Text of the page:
Greedy companies tend to lose when the inflation cycle subsides

As I said in a previous column, when the market is discouraged and the big question has become “how bad is it going to be?” instead of “how much and when can I take advantage of the turnaround?” I’m starting to wonder what the market might be missing.

One story the market seems to have accepted – at least for now – is that inflation will remain a nagging problem for some time to come, partly because of rising costs and partly because companies can get away with it. shoot by charging more. Rising prices lead workers to demand higher wages, which forces companies to raise prices, and so the vicious circle continues.

But that can’t last forever unless the US government continues to increase the money supply. Some countries have tried this from time to time with ruinous results. When there is hyperinflation, businesses and their customers cannot make long-term plans because they have no idea what their future purchasing power will be.

Imagine trying to plan a wedding a year in advance when you don’t know if the catering bill will be $75 per person or $250, not to mention uncertain about how many guests can attend. allow them to attend. The answer? Postpone or run away, which means a slew of wedding vendors are losing business.

There are three forces that can derail the inflation train, and they will probably all work together. The first, of course, is the influence of the Fed on interest rates. The Fed raises rates, making it more expensive to borrow and spend. The second is the natural constraint of our budgets. We can (and I do) eat less or order less if we go out. We have less control over some expenses, like utility bills and rent, but the main point is that demand generally decreases as prices rise. The oil cartel has understood this well: if it reduces its production too much, prices will rise enough for energy consumers to change their habits.

There is a third force at work, and that is competition and innovation. Companies that get too greedy risk being undermined and losing market share. Cable television, long distance telephone services, air travel and the music industry have all suffered the wrath of competition and innovation. Most of these benefits end up trickling down to us, we pay lower prices for ever-improving goods and services.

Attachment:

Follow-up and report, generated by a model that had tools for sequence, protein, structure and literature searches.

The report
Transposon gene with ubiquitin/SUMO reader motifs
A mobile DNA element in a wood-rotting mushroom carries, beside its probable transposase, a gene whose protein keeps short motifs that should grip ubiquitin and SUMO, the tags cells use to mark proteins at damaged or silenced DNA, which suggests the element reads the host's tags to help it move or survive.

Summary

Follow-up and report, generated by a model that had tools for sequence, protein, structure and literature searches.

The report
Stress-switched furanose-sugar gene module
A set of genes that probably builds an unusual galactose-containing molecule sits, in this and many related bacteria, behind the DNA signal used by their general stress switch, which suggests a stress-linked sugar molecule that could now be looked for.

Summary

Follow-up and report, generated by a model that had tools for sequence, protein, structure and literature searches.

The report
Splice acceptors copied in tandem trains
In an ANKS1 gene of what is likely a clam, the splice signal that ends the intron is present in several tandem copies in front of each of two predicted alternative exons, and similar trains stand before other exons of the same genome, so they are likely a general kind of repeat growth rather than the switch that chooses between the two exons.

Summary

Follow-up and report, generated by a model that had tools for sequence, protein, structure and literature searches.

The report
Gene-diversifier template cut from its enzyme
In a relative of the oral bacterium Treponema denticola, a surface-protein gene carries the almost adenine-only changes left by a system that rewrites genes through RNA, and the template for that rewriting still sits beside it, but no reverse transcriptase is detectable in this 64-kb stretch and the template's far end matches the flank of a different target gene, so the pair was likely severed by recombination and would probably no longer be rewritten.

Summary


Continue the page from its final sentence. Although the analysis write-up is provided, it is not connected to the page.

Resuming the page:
Economists and analysts are writhing trying to predict how much the Fed will raise rates and when inflation will fall. I’m sure it will, but I won’t try to predict when. The economy will continue to grow and slow in irregular cycles, as it always has. While waiting for the next phase of the cycle, I look for companies that are lean and hungry enough to take business at price increases.

Evan R. Guido is the founder of Aksala Wealth Advisors LLC, a member of the Forbes Next-Gen Advisors 2018 list and a finance professional at Avantax Investment ServicesSM. Evan leads a team of retirement transition strategists for clients who consider themselves the “millionaire next door”. He can be reached at 941-500-5122 or [email protected] To learn more about his ideas, visit heraldtribune.com/business. Securities offered by Avantax Investment ServicesSM, member FINRA, SIPC. Investment advisory services offered by Avantax Advisory ServicesSM, insurance services offered by an insurance agency affiliated with Avantax. 8225 Natures Way, Suite 119, Lakewood Ranch, FL 34202.